Increased fronto-striatal reward prediction errors moderate decision making in obsessive-compulsive disorder
- Journal Article
Rights / licenseIn Copyright - Non-Commercial Use Permitted
Background: Obsessive–compulsive disorder (OCD) has been linked to functional abnormalities in fronto-striatal networks as well as impairments in decision making and learning. Little is known about the neurocognitive mechanisms causing these decision-making and learning deficits in OCD, and how they relate to dysfunction in fronto-striatal networks. Show moreMethod: We investigated neural mechanisms of decision making in OCD patients, including early and late onset of disorder, in terms of reward prediction errors (RPEs) using functional magnetic resonance imaging. RPEs index a mismatch between expected and received outcomes, encoded by the dopaminergic system, and are known to drive learning and decision making in humans and animals. We used reinforcement learning models and RPE signals to infer the learning mechanisms and to compare behavioural parameters and neural RPE responses of the OCD patients with those of healthy matched controls. Show moreResults: Patients with OCD showed significantly increased RPE responses in the anterior cingulate cortex (ACC) and the putamen compared with controls. OCD patients also had a significantly lower perseveration parameter than controls.Conclusions: Enhanced RPE signals in the ACC and putamen extend previous findings of fronto-striatal deficits in OCD. These abnormally strong RPEs suggest a hyper-responsive learning network in patients with OCD, which might explain their indecisiveness and intolerance of uncertainty.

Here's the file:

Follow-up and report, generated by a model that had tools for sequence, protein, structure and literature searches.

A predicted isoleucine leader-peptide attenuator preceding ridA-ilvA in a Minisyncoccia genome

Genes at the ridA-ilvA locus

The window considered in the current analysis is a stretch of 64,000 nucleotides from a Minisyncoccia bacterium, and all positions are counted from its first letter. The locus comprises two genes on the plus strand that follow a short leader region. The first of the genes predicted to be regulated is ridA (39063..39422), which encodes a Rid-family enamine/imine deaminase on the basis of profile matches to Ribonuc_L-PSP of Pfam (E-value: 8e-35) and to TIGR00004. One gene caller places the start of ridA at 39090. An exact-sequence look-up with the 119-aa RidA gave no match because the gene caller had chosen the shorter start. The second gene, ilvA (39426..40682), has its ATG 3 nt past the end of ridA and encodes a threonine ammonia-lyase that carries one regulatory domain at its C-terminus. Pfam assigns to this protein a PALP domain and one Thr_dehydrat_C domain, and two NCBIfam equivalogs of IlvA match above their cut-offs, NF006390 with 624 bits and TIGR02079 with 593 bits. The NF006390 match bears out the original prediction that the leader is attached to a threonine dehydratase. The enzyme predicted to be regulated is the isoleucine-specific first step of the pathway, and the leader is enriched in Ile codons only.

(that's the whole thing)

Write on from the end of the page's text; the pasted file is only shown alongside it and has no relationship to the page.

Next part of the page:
Journal / seriesPsychological Medicine
Pages / Article No.
PublisherCambridge University Press
SubjectAge of onset; anterior cingulate cortex; obsessive-compulsive disorder; reinforcement learning; reward prediction errors
NotesIt was possible to publish this article open access thanks to a Swiss National Licence with the publisher.
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